OUTDOORS: Meltwater, rain likely to raise rivers

ALSO: Razor digs announced; anglers to meet; alcids lecture

BACK TO NORMAL in the wake of 20-plus inches of snow at the Carman castle in Port Angeles, but area rivers may not be as lucky with rising temperatures melting all that snow and rain expected to raise water levels.

So the total number of hours fished as counted by the state Department of Fish and Wildlife on the Quillayute River system will likely be low when released next week.

Thus far this steelhead season, the span of Dec. 16-19 was the most productive in terms of the number of hatchery steelhead keepers (23). A total of 59 anglers, 25 in boats and 34 from the bank, were interviewed and reported fishing for 366 hours.

The period just after Christmas from Dec. 27-29 was the busiest stretch this season with 119 anglers interviewed and 543 hours invested in the fishery. All that effort produced 16 hatchery steelhead keepers and two that were released.

Last week’s heavy rains limited the effort, but not the success, as six bank anglers caught eight hatchery steelhead in 32.5 hours of fishing.

One wild steelhead was released on the Sol Duc River last week, with six boat anglers putting in 40.5 hours on the water.

Digs announced

A six-day razor clam dig beginning Tuesday has been approved by Fish and Wildlife.

• Tuesday: 4:23 p.m. -0.1 feet; Long Beach, Twin Harbors, Mocrocks.

• Wednesday: 5:10 p.m. -0.5 feet; Long Beach, Twin Harbors, Copalis.

• Thursday: 5:53 p.m. -0.6 feet; Long Beach, Twin Harbors, Mocrocks.

• Friday, Jan. 24: 6:32 p.m. -0.6 feet; Long Beach, Twin Harbors, Copalis.

• Saturday, Jan. 25: 7:08 p.m. -0.5 feet; Long Beach, Twin Harbors, Mocrocks.

• Sunday, Jan. 26: 7:42 p.m. -0.3 feet; Long Beach, Twin Harbors, Copalis.

Under state law, diggers at open beaches can take 15 razor clams per day and are required to keep the first 15 they dig.

Anglers meet

The North Olympic Peninsula chapter of Puget Sound Anglers postponed its monthly meeting to Wednesday in the wake of this week’s snowstorm.

The meeting will be held at Sequim’s Trinity United Methodist Church, 100 S. Blake Ave., with viewing of raffle prizes and telling of fish stories at 6:30 p.m.

Featured speaker John Beath, a club member and an expert angler, will discuss the upcoming blackmouth chinook fishing season.

Beath’s talk will begin at 7 p.m.

The blackmouth chinook fishing season will begin Feb. 1 in Marine Area 9 (Admiralty Inlet) and March 1 in Marine areas 5 (Sekiu) and 6 (East Strait of Juan de Fuca).

So what better time than the present to brush up on tactics for catching the resident chinook, which account for nearly 1/3rd of all adult chinook caught in Puget Sound.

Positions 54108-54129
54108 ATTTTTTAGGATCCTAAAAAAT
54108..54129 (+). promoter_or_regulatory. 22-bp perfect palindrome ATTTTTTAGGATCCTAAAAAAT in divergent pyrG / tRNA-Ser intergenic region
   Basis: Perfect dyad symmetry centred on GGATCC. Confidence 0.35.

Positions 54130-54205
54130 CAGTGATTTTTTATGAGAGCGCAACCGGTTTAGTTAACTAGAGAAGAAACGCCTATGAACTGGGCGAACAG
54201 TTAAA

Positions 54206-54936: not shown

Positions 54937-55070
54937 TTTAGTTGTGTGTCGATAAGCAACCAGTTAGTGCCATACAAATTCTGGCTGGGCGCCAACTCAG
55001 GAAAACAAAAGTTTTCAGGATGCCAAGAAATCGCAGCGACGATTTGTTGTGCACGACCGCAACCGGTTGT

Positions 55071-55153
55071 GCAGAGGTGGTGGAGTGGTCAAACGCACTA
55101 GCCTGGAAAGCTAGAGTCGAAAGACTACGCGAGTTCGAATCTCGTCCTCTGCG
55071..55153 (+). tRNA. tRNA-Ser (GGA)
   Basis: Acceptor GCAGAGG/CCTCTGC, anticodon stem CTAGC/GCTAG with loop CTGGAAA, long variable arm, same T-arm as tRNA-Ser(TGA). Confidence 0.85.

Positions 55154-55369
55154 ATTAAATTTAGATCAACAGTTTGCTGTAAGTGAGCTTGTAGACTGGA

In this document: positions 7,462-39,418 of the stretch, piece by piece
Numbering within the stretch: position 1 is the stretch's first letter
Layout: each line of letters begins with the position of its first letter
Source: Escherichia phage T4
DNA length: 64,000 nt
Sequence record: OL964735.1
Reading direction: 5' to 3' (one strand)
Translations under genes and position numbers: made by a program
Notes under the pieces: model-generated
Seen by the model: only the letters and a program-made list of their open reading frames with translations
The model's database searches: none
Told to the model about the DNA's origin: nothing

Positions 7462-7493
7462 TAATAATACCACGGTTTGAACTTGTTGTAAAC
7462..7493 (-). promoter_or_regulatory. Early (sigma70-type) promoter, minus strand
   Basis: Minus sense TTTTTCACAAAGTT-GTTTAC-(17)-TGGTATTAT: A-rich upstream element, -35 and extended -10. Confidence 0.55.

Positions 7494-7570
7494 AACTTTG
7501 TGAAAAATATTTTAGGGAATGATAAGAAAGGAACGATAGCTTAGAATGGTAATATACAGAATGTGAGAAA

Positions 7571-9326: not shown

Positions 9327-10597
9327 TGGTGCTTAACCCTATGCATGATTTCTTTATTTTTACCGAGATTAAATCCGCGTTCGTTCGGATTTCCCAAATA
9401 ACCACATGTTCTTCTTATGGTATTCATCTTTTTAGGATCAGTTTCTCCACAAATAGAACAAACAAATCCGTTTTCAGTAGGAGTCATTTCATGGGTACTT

Beath will cover charts of our area and how to best fish nearby marine areas. He’ll discuss the best tides, depth, speed and lure combinations.

A business meeting will follow with financial and government relations reports, upcoming event discussions and fishing reports from members.

Refreshments, a raffle and a membership drawing (must be present to win) also are planned.

The public is welcome.

There is one open option for salmon anglers — Hood Canal (Marine Area 12) remains open to hatchery chinook a minimum of 22 inches in length with a daily limit of two through April 30.

Alcids lecture

Puffins have always been a favorite sea bird of mine, a must-visit for any aquarium or zoo trip.

And Saturday, the Dungeness River Audubon Center’s Focus on Series will take a deeper look at alcids — a group of sea birds that includes puffins, murres, auklets, guillemots and murrelets.

These deep-diving, fish-eating birds live in the sea and nest on shore.

Present Ken Wiersema will discuss what makes them unique in our ecosystem from 10 a.m. to noon. at the center, 2151 W. Hendrickson Road.

The cost is $10 for the public, $5 for members.

For more information, call 360-681-4076.

Lock the hubs

The 20-plus inches of snow this week in Port Angeles provided an old-school reminder of the 1996 snow storm that blanketed the North Olympic Peninsula.

Fond memories of driving around the absolutely deserted streets of Port Townsend — presumably on a grocery run to a grocery store that was closed due to 2-plus feet of snow.

But yeah, I’ve seen enough the last two winters to last for the next 20. Stay up in the mountains where you belong, snow.


Sports reporter Michael Carman can be contacted at 360-417-3525 or [email protected].

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